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Since the announcement last week that Hull is to be the next UK City of Culture (following Londonderry), the media has been full of “crap town” comments. It was ever thus: when I moved to Hull for my first job 30 plus years ago I got lots of remarks like “Hull or Hell?” and “It’s the end of the line you know”. Mostly from people who had never been near the place, but were aware of its reputation. So, just to correct the record, here are a few reasons why Hull might just deserve to be City of Culture.

A Rich Maritime Heritage

Hull’s maritime history is the one thing everyone knows about. Not just fishing and whaling, but big shipping companies too, bringing prosperity to the city in the 18th century. The industry has largely declined now, leaving only the passenger ferries and a few container vessels. But many of the old warehouses and docks buildings have been renovated and converted into flats, bars and restaurants.

Today visitors can explore the Maritime Museum (housed in the ornate Victorian building that was once the headquarters of the Hull Dock Company) and follow the Fish Trail, a series of 41 pieces of pavement art that meander around the old town. And they can walk around the modern and bustling Marina, where the old Spurn Lightship has been turned into a museum.

Hull Marina

The modern Marina

Fish Trail

There are 41 pavement tiles on the Fish Trail


Buildings Old and New

It is undoubtedly true that bomb damage during the war did Hull no favours, leading to a flurry of rebuilding in functional but unattractive 20th century styles. But there is still lots of interesting architecture to be seen. The Old Town has historic houses and passageways, pubs and churches. And there are grand civic buildings from the early 20th century, including the City Hall and the Ferens Art Gallery.

Princes Street, Hull

A passageway in the old town of Hull


Olde White Harte

The 16th century Olde White Hart, where it is said that plots were hatched against the king during the Civil War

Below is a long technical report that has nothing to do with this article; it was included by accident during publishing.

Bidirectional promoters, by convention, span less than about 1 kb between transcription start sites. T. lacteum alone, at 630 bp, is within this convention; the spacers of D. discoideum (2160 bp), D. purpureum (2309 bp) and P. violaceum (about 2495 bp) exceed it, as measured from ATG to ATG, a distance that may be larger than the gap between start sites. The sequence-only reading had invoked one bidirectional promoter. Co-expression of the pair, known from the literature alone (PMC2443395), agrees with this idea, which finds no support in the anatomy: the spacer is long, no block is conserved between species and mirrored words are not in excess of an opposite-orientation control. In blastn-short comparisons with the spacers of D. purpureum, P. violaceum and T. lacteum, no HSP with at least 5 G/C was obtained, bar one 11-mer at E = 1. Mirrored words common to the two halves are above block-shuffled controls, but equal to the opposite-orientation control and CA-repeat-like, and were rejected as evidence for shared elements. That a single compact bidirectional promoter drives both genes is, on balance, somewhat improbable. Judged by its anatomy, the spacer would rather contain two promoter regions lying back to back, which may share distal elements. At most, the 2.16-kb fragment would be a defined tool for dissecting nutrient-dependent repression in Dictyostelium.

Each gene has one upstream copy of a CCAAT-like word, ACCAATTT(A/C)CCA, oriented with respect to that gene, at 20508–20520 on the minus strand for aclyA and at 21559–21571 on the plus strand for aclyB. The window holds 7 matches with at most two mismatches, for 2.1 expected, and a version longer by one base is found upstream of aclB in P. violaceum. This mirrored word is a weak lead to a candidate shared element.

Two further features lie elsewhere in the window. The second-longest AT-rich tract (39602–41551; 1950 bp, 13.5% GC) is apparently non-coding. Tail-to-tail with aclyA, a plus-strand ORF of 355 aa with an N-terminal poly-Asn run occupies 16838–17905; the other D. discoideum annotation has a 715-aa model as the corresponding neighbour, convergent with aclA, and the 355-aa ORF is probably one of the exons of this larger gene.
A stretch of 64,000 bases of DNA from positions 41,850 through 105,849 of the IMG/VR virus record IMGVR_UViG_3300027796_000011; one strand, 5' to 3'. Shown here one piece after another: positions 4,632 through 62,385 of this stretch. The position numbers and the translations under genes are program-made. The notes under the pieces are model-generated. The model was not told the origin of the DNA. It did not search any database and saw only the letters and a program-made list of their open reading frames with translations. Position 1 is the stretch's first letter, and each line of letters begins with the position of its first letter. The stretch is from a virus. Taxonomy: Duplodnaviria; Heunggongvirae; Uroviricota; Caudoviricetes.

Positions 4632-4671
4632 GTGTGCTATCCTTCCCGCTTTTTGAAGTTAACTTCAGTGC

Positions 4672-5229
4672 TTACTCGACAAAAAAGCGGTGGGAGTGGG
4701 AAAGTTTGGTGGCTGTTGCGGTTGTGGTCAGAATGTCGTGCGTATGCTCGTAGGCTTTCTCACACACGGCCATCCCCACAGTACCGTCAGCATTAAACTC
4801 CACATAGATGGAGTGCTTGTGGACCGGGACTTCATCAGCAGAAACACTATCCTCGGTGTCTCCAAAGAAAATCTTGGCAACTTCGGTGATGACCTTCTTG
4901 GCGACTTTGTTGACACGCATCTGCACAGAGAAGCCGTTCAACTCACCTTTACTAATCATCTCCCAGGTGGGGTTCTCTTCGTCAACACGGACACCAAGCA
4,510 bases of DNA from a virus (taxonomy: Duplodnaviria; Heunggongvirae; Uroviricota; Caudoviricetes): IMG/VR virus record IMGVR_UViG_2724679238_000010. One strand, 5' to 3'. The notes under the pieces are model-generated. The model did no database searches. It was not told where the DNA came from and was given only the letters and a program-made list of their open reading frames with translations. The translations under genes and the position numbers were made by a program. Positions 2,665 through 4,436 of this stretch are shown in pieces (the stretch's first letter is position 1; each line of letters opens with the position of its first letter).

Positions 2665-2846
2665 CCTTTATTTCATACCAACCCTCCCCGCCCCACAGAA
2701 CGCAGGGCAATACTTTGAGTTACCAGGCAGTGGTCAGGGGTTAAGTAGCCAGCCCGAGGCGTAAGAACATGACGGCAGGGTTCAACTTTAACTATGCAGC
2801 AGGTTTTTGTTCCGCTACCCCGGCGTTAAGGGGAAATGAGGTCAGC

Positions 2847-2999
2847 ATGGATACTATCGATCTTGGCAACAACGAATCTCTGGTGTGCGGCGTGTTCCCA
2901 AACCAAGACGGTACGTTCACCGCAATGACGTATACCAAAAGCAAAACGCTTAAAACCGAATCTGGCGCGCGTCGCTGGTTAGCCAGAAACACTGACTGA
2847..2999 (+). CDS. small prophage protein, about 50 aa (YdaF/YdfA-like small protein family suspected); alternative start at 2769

If you look closely, you will see remnants of old buildings wherever you go: old windows, stone carvings and ornate pillars sitting above modern offices and shop fronts. Look at the street names too: names such as Dagger Lane and Whitefriargate give clues to a bygone era. And don’t miss the Land of Green Ginger – recently voted Best Street Name Ever by Classic FM’s Tim Lihoreau!
City Hall

Walking towards the City Hall

But there are also welcome glimpses of modern regeneration. The Prince’s Quay Shopping Centre, opened in 1991, was built to an unusual design, standing on stilts in the old Prince’s Dock. And the ultra-modern St Stephen’s Centre, built on a brownfield site in the city centre, incorporates shops and restaurants as well as the brand new Hull Truck Theatre.
Princes Quay

Princes Quay Shopping Centre

Famous People of Hull

For many people, culture in Hull is synonymous with the poet Philip Larkin. Although not a native of Hull (he was born in Coventry), he lived and worked there for thirty years and is closely associated with the city. In 2010 a “Larkin with Toads” trail was created with 40 glass fibre toads in and around the city (these were a reference to the poems Toads and Toads Revisited). Many of the toads were later auctioned off, but some can still be seen.
Toad statue

This toad, by Sue Kershaw, can be seen in Hull’s Museum Quarter

But there are other famous people associated with Hull. The poet Andrew Marvell was an MP for the city in the 17th century. Then there is William Wilberforce, who was instrumental in the abolition of slavery, and the aviator Amy Johnson. And adherents of popular culture will also cite Maureen Lipman, Tom Courtenay, The Housemartins… and many, many more.

Museums, Theatre and Festivals

Hull is well provided with museums. Apart from the Maritime Museum, you can wander into the Hull and East Riding Museum, exlore the history of transport in the Street Life Museum and learn about slavery in Wilberforce House. The Ferens Art Gallery has a regular programme of exhibitions: a recent exhibition featuring David Hockney (himself from East Yorkshire) has led to a proposal for a new gallery devoted to Hockney’s works. And there is The Deep, a massive underwater aquarium (“the world’s only submarium”).

Apart from more conventional productions elswhere in the city, contemporary and experimental drama is on offer at the Hull Truck Theatre. And Hull has festivals too. Since 2007 the annual Freedom Festival has provided music, comedy and storytelling. Then there is the Jazz Festival and the Humber Mouth Literature Festival, and more planned for the future. All in all, Hull seems to well poised to take on the role of UK City of Culture.

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